RSVP for the free Neighbors on Call Election Skills Fair on Sept 15, 2-4pm, Seymour Center, Chapel Hill. Meet NC Supreme Court Justice Anita Earls (we wrote postcards to help elect her in 2018!) and NC State Senator Jeff Jackson, plus a bunch of other progressive NC legislators and candidates. Learn about the 2020 voter photo ID requirements and how YOU can best help get out the vote for NC's progressive candidates in 2020 - in addition to writing postcards with Stamp NC Blue 😀!
Have some free time and want to help with last-minute phone- or text-banking for the NC CD 3 & 9 races? Phone bank from home for Dan McCready. Register to text for Allen Thomas here. Contact firstname.lastname@example.org to phone bank from home for Thomas or chip in for billboards in Craven County.
With Dorian moving in, both these districts may be affected on election day, as is early voting, sadly. Seems like these folks can't catch a break. Find lots of hurricane readiness resources, including an app, at Ready NC.
Let's take one more victory lap about yesterday's partisan gerrymandering decision, read and savor Kate's coverage! Learn more about the court ruling and what it means in this new post from our friends at Stronger NC. The House Redistricting Committee just posted a meeting on Monday, Sept 9, 1pm, in 643 LOB. If you can't show up in person, email one (David.Lewis@ncleg.net) or all of the committee members to let them know you expect them to have read the court ruling and finally follow it to create fair maps. AND remember that fair maps only help if we GET OUT THE VOTE IN 2020!
There's not much to report this week from the NC General Assembly. They've been off for Labor Day and are scheduled to return on Sept 10, so there's not a lot happening this week - mostly the ongoing LACK OF ACTION on the budget stalemate and Tim Moore's daily posting of the budget bill on the House calendar in hopes of finding a literal minute when there aren't enough Democrats in the chamber to vote against overriding Gov Cooper's veto. SAD.
The Republican leadership shifted strategy last week and began passing “mini-budgets” for specific line-items. Democrats have supported some (pay raises for most state employees and correctional officers), but not others (Medicaid Transformation funding, pay raises for non-certified school personnel). There will likely be a mini-budget bill on teacher raises when the legislature returns. These mini-budget bills are political theater in advance of the 2020 elections (Democrat X voted AGAINST funding ...) that reflect the breakdown of any willingness to discuss and compromise on important issues (eg, public education, Medicaid Expansion, environmental protection) facing our state. NC Policy Watch, WRAL. And continuing to cost taxpayers for every day they're in session, of course.
A bit of catch-up:
- Gov Cooper vetoed HB 555, Medicaid Transformation Implementation. This is NOT Medicaid expansion, it pertains to the planned transition to managed care for current Medicaid recipients, scheduled to start on Nov 1. Cooper believes this funding should be part of a comprehensive health care plan that includes Medicaid expansion. There are enough votes to protect Cooper's veto, so this bill is dead and the transition is delayed once again. We're with Cooper.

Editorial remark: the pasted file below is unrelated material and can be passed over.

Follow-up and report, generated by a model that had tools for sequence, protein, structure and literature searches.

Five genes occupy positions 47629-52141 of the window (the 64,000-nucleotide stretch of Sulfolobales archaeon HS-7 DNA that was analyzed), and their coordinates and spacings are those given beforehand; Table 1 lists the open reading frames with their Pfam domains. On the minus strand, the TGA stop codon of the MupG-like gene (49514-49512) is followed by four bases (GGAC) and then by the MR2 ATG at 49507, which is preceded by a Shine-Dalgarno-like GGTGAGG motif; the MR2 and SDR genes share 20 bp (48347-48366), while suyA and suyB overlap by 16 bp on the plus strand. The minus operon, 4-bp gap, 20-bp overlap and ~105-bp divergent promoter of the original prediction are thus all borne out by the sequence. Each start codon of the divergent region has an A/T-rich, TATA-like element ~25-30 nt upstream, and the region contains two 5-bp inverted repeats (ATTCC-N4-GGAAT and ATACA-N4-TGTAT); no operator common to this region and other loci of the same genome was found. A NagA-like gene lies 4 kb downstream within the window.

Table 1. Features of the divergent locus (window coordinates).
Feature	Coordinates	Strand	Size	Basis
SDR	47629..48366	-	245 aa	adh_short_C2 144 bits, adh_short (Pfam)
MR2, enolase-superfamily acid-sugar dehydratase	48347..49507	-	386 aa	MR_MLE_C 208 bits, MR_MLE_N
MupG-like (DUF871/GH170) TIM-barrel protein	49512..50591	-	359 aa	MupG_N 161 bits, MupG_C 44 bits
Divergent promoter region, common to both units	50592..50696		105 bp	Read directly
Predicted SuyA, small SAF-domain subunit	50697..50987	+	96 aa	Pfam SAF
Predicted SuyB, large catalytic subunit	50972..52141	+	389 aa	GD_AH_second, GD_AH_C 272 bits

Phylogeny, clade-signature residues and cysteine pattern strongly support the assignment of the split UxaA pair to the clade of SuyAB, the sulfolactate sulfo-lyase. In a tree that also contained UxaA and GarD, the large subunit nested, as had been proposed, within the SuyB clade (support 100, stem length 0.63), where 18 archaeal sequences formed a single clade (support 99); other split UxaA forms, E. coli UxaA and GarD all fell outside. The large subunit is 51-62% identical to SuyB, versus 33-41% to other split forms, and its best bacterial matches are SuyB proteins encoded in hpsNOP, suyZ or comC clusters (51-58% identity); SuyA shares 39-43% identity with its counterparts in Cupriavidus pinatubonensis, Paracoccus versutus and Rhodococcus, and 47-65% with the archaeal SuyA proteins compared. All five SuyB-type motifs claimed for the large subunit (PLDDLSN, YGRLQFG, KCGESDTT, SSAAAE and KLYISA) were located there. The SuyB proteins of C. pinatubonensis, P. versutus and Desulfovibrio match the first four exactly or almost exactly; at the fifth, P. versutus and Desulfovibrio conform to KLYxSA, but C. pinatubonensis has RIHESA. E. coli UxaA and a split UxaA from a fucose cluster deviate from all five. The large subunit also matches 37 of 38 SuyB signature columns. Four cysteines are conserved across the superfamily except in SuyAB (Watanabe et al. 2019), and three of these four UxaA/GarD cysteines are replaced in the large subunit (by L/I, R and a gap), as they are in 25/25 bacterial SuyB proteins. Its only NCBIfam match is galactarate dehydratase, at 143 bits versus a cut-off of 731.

- Republican leadership has come up with the idea of giving some NC taxpayers a whooping $125 "refund" from the state "surplus," HB 74, Taxpayer Refund Act. NC Policy Watch explains why that's such a bad idea - because the state has unmet needs for things like Medicaid expansion, school construction, public school funding, hurricane rebuilding, and environmental protection. Let your NC legislators know you oppose this bill, copy email@example.com and firstname.lastname@example.org.
- The school Testing Reduction Act of 2019, SB 621, was presented to Gov Cooper on Aug 28. Read more about it and other education-related bills with recent action from the NC School Boards Association.
- Gov Cooper let SB 86, Small Business Health Care Act, become law without his signature. We're disappointed, but some Democrats supported the bill so a veto override was likely. It allows new "association health plans" that aren’t required to cover essential health benefits, can charge more to people with pre-existing conditions, and increase premiums in the traditional insurance market by cherry-picking healthy populations. Some folks are happy, we'll see how it works out.
And for the week of Labor Day, our friends at the NC Justice Center's Budget and Tax Center just released their annual report, State of Working North Carolina, Equity in Employment. "The report details the continued failure of the economic recovery to extend to communities of color and rural communities, as well as the broad-based effects of inequities in employment, including poorer health and well-being and lower participation in civic life." The co-authors of the report will summarize their findings in a free, 30-minute webinar on Sept 10, 2pm. Register here.
Progress NC Action is collecting stories about what the Labor Movement has meant to individuals. Share your story (or your family's) here.
Tags: (NC Budget, NCGA, NC Economy, NCPol)
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